In my introduction to threaded code I mentioned that colon word bodies consist of a list of cfa’s (code field addresses), but that sometimes it makes sense to use pfa’s instead. We are going to explore that idea here.
First, let’s recap the definitions:
The address of a code field is called, unsurprisingly, a code field address – usually abbreviated cfa.
The address of a parameter field is called, also unsurprisingly, a parameter field address – usually abbreviated pfa.
In a DTC system, a cfa points to a code field, which contains machine code.
In an ITC system, a cfa points to a code field, which points to machine code.
The main reason for using cfa’s in address lists is that it’s the obvious thing to do. The cfa points to the code field, which we either jump to (DTC) or jump through (ITC). Why would we want to use anything else?
The answer is suggested not by the code of NEXT, but by NEST, VARIABLE, and CONSTANT – the “runtime” routines for colon words, variables, and constants, respectively. Let’s look at them again:
DTC_NEST: Push IP onto call stack Set IP to W + sizeof(Jump) Execute NEXT
ITC_NEST: Push IP onto call stack Set IP to W + address size Execute NEXT
VARIABLE: Add to W the size of the code field (ie, calculate pfa) Push W onto the data stack (push pfa) Execute NEXT
CONSTANT: Add to W the size of the code field (calculate pfa) Fetch value pointed to by W into W (fetch contents of parameter field) Push W onto the data stack Execute NEXT
Whether calculating the new IP in NEST, or calculating the address of the value in VARIABLE and CONSTANT, we are always adding an offset to W. Because of how NEXT works, W contains the cfa. We want the pfa.
Whenever a programmer creates a new data type that has an assembler runtime (using
;code) they have to do this same arithmetic on W. Why not do it one place?
The natural “one place” is in NEXT. So what would we change? Our aim is to exit NEXT with W containing a pfa instead of a cfa.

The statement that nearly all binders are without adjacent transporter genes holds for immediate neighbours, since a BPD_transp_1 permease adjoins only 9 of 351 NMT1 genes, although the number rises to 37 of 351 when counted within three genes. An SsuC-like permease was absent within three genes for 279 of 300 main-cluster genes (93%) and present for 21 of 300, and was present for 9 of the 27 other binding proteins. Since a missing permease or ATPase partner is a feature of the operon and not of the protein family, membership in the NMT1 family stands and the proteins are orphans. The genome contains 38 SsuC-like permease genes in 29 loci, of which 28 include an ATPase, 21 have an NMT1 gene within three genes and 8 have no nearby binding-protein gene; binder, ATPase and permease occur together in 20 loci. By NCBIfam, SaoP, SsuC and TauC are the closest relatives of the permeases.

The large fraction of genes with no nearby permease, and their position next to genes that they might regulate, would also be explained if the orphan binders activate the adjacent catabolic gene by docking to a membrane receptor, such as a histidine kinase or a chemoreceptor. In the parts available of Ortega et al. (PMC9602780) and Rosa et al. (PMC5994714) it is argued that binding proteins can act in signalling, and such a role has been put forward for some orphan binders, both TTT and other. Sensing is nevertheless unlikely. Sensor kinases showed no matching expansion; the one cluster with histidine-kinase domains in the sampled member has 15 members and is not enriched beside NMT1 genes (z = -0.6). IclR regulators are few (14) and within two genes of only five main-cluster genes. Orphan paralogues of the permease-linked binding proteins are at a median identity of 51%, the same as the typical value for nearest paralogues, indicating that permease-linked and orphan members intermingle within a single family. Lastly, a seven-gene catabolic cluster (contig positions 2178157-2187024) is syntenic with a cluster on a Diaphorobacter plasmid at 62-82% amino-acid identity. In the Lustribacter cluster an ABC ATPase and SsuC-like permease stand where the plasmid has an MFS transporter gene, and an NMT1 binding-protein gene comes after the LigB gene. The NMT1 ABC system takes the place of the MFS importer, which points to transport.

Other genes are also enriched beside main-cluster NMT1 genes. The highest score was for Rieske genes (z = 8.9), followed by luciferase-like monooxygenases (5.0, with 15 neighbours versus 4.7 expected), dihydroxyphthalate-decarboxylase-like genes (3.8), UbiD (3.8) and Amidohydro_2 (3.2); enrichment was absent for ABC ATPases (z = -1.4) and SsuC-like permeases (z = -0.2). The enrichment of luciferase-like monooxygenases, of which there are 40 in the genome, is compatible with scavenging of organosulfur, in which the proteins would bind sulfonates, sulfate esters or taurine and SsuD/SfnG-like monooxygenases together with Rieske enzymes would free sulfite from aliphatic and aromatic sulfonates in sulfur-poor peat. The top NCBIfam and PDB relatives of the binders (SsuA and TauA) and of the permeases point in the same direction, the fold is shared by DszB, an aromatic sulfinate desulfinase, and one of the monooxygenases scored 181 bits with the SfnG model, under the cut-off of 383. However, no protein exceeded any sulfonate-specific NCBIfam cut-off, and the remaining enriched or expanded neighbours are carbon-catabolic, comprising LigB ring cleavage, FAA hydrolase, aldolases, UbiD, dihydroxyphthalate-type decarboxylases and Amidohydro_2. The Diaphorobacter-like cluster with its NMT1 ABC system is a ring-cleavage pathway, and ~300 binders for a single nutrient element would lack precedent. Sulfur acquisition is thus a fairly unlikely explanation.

Let’s look at DTC first. Here is DTC NEXT:
NEXT: Fetch into W the address pointed to by IP Increment IP by address size Jump to W
We have conflicting requirements here. For DTC we have to jump to the code field. We have no choice there. But somehow we want W to point to the parameter field – one memory cell higher. How to do both?
If the address list contains cfa’s, then the first step of NEXT will put a cfa into W. Can we jump to W and increment it in one instruction? Not likely.
What about using pfa’s in the address list. Does this help? W will have the right value when we exit from NEXT, but can we jump to W minus an offset? It depends on the machine. And it might make NEXT longer – possibly significantly longer.
On some machines the best way to do DTC NEXT doesn’t involve W at all. For example, on the MSP430 the shortest DTC NEXT is one instruction:
mov pc, (ip)+
This does the auto-increment of IP and the jump to the fetched cfa, but leaves to the runtimes the computation of the pfa. This approach requires that code fields contain calls rather than jumps in order to “capture” the pfa somewhere (it gets pushed onto the machine’s call stack).
DTC doesn’t offer a lot of wiggle room. Maybe ITC is better. Let’s take a look.
Here is ITC NEXT:
NEXT: Fetch into W the address pointed to by IP Increment IP by address size Fetch into X the address pointed to by W Jump to X
As we did with DTC, let’s start with the case where address lists contain cfa’s. Just as with DTC NEXT, the first step of ITC NEXT loads a cfa into W. On a machine with auto-increment addressing we can have the “Fetch into X” step increment W so that when we get to NEST (or one of the other “runtimes”) W will contain the pfa.
It might take an extra cycle (it does on the MSP430) but because in every case except executing a code word we will have to take at least a cycle to do arithmetic on W, it might make sense to auto-increment instead. It’s also less error-prone to do it, correctly, in one place. (This is what I have done in the MSP430 ITC kernel.)
If we don’t have auto-increment (eg, most true RISC machines – ARM (excepting v6-M) doesn’t count ;-) but can use a negative offset in our memory access instructions, then it makes sense to use pfa’s in our address lists instead of cfa’s. If we do this, the first step of NEXT loads W with a pfa, which is what we want. But the “Fetch into X” step needs to load from the cfa instead, so we offset backwards by the size of an address. This sounds convoluted, but it’s actually the most efficient approach.
Here is that version of ITC NEXT:
NEXT: Fetch into W the address pointed to by IP (this is a pfa, not a cfa!) Increment IP by address size Fetch into X the address pointed to by (W - address size) Jump to X
This is what I have done for the RISC-V ITC NEXT.
You have to work with the strengths and against the weaknesses of your architecture – not the other way around! There is no fixed answer. Using cfa’s is not always the “perfect and beautiful” approach. Nor is using pfa’s. It pays to tinker and draw pictures and pay attention to instruction cycle-times and sizes.